I have been accused of being a bit compulsive when it comes to a few things, but my coffee-making ritual is “Rainman-like,” or at least that’s what my wife claims. Of course, watching her make martinis is like watching Nomar Garciaparra between pitches (sorry about the baseball reference).
But there is real pleasure in rituals that lead to such wonderful things like a great cup of coffee or a perfectly shaken, ice-cold martini. I am sure that there is a machine that will make a cup of coffee that is indestinguishable from, or maybe even better than, the coffee I make for myself every morning. But it wouldn’t taste as good, nor give me the pleasure, that my coffee gives me (freshly ground Peets Coffee beans, freshly boiled water, in a rinsed filter paper in a heated Mellita cone). Perhaps ritual is too strong a word . . . perhaps it’s the process that becomes an integral part of the enjoyment. And that’s part of the pleasure of cooking — the process that leads to great meals, or just a pleasant dinner with friends. Sometimes, the process becomes unpleasant, because of time constraints or overly complex recipes that turn cooking into a mad scramble for arcane ingredients and an insane juggling of three pans, a pot, something in the oven, and a cutting board full of ingredients.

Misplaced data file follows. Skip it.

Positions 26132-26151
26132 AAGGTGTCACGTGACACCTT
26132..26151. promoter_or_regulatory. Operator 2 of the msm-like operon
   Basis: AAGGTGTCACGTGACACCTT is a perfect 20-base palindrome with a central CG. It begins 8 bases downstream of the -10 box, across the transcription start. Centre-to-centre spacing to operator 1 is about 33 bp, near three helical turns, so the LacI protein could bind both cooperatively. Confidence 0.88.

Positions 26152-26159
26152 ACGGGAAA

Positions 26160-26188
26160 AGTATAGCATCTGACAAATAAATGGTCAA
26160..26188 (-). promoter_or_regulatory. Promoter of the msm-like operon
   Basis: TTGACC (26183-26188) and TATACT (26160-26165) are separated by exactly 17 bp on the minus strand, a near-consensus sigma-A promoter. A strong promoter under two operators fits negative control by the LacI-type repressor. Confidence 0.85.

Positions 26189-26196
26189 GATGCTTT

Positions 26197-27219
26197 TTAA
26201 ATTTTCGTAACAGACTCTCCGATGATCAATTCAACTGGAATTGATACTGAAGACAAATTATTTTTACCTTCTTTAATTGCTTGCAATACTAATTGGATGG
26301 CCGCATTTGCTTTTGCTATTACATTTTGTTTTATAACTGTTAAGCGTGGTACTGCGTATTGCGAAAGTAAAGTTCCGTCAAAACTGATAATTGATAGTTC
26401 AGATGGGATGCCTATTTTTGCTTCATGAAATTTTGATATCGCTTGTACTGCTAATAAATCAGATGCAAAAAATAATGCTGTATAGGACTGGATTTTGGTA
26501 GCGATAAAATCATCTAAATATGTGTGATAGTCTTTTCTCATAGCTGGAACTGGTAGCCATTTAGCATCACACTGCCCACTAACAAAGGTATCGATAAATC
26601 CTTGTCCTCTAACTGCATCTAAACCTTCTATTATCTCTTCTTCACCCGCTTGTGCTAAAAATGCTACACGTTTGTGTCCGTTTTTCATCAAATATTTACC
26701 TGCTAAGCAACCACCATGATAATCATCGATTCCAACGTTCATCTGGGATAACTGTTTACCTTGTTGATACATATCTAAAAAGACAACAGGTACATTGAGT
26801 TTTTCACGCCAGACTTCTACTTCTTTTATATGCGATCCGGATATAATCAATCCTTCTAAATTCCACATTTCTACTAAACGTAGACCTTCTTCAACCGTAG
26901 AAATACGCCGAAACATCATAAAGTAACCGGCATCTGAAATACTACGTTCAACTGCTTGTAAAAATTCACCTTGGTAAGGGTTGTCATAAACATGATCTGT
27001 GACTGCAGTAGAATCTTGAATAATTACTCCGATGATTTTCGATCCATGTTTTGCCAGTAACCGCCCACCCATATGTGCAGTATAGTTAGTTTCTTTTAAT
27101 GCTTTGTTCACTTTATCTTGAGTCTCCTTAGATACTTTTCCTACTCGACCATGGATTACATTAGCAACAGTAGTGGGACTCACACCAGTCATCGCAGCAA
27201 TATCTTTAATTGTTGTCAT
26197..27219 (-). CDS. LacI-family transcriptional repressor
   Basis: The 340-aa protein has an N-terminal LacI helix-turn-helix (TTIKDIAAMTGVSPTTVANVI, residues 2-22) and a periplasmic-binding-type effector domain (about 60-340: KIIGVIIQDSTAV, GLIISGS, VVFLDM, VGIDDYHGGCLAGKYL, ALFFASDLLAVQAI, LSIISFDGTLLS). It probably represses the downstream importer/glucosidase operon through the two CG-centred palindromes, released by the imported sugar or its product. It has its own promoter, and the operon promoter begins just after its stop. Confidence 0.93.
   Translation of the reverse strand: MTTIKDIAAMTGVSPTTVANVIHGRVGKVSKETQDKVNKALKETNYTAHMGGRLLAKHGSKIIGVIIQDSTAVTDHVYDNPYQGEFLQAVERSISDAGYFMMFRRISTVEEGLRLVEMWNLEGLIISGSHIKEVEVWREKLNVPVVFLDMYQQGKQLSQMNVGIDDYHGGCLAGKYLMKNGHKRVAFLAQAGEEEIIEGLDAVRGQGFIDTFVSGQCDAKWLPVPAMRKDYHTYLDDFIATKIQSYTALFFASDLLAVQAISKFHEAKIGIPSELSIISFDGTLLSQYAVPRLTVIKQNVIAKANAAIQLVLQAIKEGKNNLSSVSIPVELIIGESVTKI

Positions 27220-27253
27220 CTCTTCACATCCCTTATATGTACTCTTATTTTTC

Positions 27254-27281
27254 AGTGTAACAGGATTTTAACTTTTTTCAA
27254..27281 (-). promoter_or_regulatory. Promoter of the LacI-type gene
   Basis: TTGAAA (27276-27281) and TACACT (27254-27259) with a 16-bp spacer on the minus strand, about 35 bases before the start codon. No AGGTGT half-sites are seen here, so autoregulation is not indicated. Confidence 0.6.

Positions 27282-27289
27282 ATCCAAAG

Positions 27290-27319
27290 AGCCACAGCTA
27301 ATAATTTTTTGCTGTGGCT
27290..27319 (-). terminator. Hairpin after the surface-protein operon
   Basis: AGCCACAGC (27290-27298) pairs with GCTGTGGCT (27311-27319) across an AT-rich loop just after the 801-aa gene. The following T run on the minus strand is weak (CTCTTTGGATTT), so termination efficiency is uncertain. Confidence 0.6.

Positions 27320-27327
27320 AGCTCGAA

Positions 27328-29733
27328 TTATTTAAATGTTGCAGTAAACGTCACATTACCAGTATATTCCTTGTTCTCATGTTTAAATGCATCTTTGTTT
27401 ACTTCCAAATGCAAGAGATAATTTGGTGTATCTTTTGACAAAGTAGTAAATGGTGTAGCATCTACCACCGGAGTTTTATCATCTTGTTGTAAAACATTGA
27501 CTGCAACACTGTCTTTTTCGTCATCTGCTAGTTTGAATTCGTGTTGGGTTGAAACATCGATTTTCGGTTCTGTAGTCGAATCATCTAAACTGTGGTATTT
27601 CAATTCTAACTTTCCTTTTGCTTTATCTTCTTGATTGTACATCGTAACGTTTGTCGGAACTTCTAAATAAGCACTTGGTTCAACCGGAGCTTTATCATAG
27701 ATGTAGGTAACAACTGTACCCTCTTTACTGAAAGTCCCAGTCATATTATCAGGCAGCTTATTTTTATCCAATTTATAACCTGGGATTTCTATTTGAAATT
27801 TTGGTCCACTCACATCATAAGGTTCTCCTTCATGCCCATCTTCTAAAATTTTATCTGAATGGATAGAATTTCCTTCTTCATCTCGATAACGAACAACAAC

It is our job as cooks to grab that pleasure and avoid the grind of churning out overly complicated, tediously cooked meals that may taste great but ultimately will turn us away from the simple joys of hanging out in the kitchen with friends, lovers or sometimes alone, having fun making something good to eat.